Data collection is live now. Thanks to the dancers that helped de-bug this version of the survey.
In 2017, In the Dancer’s Studio (with students at Towson University) surveyed dancers in the Baltimore region to gain some perspective on what they were doing, what they could be doing, and what was keeping them from doing those things. An analysis of those responses is here. This year, we’re out of the classroom and into the real world. With a few tweaks and some streamlining of the questions, we’re trying to expand the reach of the survey to address a number of sampling biases from 2017. Please share this survey with every dancer, of every level. The experiences of the fresh, new dancer are just as important as the well-established studio owner. The more data collected, the more likely it is to be meaningful and useful in shaping policy and channeling resources for dance.
Based on previous work, we estimate there are some 60,000-100,000 active dancers in the region. Please help share this survey with your colleagues, partners, students, teachers, and any other people active in the Baltimore region’s dance community so we can gather enough data to fairly represent the whole community. This year, we have a new token system that allows you to stop and resume the survey at your convenience, and you can go backwards to answer questions you skipped or modify previous questions. The system uses email to verify your participation, so if you don’t see email as expected, please check your spam filters. Please answer as fully and honestly as possible. All questions are optional except the first one (it determines which other questions are relevant to you).
BDCP is hosting their first ever DANCE-A-THON. A 4-hour dance party will bring together movers and shakers of all ages who believe every child deserves to be surrounded by high-quality arts programming and mentors. Individual participants and teams pledge to stay on their feet as a way to raise funds for the Baltimore Dance Crews Project.
Being human, in olden days we sat down and talked face to face, our face turns red with embarrassment, but we can feel each other’s emotions close up – fears, anger, sadness and happiness. Will we still have these feelings in the future?
In this dialogue between ancient culture and modern technology, we experience puzzles that comes with the rapid progression of technology, and reflect on it – what will be the future relation between human and technology?
The most difficult task for this show is getting the audience to accept and acknowledge that their lifestyle, the way they communicate and the way that they work might not be the best
It’s hard to find current data – 2012 research released in 2015 seems to be about as close as we can get. The 2012 NEA States of Engagement report includes this bit of information – Baltimore is part of this, but the Washington, D.C. region probably biases the results a bit (still looking for more granular or current data, if you have any tips).
The percent of adults who attended a dance performance in 2012 in the Washington-Baltimore-Northern Virginia, DC-MD-VA-WV MSA (Metropolitan Statistical Area) was about 9.2% (range 7.0-12.0%).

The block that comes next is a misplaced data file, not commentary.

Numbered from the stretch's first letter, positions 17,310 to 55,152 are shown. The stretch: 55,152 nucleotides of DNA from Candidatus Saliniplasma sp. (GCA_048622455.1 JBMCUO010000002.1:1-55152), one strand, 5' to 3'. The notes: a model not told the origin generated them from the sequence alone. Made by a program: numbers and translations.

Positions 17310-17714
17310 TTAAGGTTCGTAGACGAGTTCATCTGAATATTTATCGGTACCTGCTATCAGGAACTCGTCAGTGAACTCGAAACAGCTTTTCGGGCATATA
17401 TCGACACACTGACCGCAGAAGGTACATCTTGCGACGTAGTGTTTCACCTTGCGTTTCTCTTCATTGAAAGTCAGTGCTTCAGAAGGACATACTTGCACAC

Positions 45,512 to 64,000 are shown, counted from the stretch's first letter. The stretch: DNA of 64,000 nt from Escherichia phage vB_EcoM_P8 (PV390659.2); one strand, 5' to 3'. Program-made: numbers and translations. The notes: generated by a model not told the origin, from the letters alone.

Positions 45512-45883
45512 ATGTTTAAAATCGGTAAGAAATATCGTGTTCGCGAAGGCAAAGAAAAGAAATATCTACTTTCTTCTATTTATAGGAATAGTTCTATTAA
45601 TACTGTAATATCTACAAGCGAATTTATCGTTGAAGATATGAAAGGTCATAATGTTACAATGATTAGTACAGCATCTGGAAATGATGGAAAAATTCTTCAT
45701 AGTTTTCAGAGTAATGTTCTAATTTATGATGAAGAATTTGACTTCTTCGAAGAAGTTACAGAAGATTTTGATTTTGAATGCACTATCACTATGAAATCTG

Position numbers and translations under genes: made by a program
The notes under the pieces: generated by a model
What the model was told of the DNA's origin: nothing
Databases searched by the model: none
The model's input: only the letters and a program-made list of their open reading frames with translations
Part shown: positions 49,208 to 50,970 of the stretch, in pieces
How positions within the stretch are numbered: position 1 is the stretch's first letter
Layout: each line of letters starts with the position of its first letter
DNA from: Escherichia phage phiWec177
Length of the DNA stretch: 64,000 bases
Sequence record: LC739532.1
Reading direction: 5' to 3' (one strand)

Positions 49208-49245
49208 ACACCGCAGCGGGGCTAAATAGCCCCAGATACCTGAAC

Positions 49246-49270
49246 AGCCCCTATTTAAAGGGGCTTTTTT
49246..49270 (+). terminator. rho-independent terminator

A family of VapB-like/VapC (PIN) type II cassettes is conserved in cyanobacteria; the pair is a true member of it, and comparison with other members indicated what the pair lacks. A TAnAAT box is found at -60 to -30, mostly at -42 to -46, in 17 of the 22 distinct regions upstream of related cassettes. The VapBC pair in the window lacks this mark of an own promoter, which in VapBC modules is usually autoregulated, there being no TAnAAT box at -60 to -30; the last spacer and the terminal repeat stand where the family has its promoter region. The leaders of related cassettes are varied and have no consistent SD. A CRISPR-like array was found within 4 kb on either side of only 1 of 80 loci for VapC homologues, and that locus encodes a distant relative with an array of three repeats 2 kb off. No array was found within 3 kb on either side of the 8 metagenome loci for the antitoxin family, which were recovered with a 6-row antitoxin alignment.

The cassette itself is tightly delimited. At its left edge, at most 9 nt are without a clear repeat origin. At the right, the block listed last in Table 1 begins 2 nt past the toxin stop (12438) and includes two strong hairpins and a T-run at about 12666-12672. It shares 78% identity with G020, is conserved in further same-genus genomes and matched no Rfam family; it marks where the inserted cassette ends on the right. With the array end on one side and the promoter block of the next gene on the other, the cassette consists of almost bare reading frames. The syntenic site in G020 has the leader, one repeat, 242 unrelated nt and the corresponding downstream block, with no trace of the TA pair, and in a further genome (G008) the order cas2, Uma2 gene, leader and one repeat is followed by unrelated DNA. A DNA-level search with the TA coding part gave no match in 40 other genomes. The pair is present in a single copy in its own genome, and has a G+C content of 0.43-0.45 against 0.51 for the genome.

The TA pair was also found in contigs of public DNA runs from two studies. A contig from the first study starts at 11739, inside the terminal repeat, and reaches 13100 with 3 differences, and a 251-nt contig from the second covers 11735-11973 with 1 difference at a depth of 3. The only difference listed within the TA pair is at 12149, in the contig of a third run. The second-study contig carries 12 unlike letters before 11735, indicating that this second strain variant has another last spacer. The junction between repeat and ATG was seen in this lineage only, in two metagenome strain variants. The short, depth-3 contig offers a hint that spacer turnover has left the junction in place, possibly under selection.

If we use the lower-bound (7%), and apply that to the Baltimore region, dance attendance could be…
Add this all up and it suggests a dance attendance population of about 150,000 people in and immediately around Baltimore.
A while ago, I made a short post about dance graduates in Baltimore. Since it’s graduation season, I thought it would be appropriate to fulfill the “I’ll come back to this eventually” promise with a deeper set of data. To begin, I’ll be a bit generous, and include both the University of Maryland main campus (College Park, MD) and Frostburg State University (Frostburg, MD) in the regional scope. UMCP is the only regional institution that offers a Masters degree in dance (designated UMCP-M). This data set represents 792 degrees awarded over 14 years (this isn’t necessarily 792 different dancers – some may have both a Masters degree from UMCP and a Bachelors degree from some other local institution). All institutions combined graduate an average of 56(.6) dancers per year for the past 14 years. Continue reading “Baltimore dance graduates, a longer view”
As a point of information, because it’s in front of me… In Baltimore and 6 counties surrounding (Anne Arundel, Baltimore City, Baltimore County, Carroll, Frederick, Harford, Howard), I’ve found 71 public school dance programs with dedicated instructors. Most (44) are high schools, with 23 middle schools and 4 elementary schools.
It’s not entirely fair (I don’t know about their individual workloads or schedules, and some definitely teach more than dance), but the average teacher salary in Maryland hovers around $60,000. If there are 71 [different] dance teachers in public schools in Maryland, that alone represents something around $4,000,000 in dance-teacher wages.
Straying even further into the speculative, if each of these teachers has just 30 students, that’s more than 2000 dancers-in-training in the public schools.
Does anyone have suggestions about where to find data to validate the speculative? How many students does a public school dance teacher teach in a given school year? Are dance teacher salaries in line with average teacher salaries? What do the private schools add to this?
To make this a little easier (the blog format puts things in reverse-chronological order) for people coming to explore the Baltimore Regional Dance Survey from 2017, here are the relevant items…
Please keep in mind the biases apparent in the BRDS2017 respondent pool – BRDS2017 did not successfully reach respondents in all of Baltimore City, and did not reach young dancers or dancers in less-popular forms (e.g., Aerialists, Flamenco, Burlesque, Indian, Folkloric). With that firmly in mind, in reading-order, the summary posts discussing BRDS2017 are: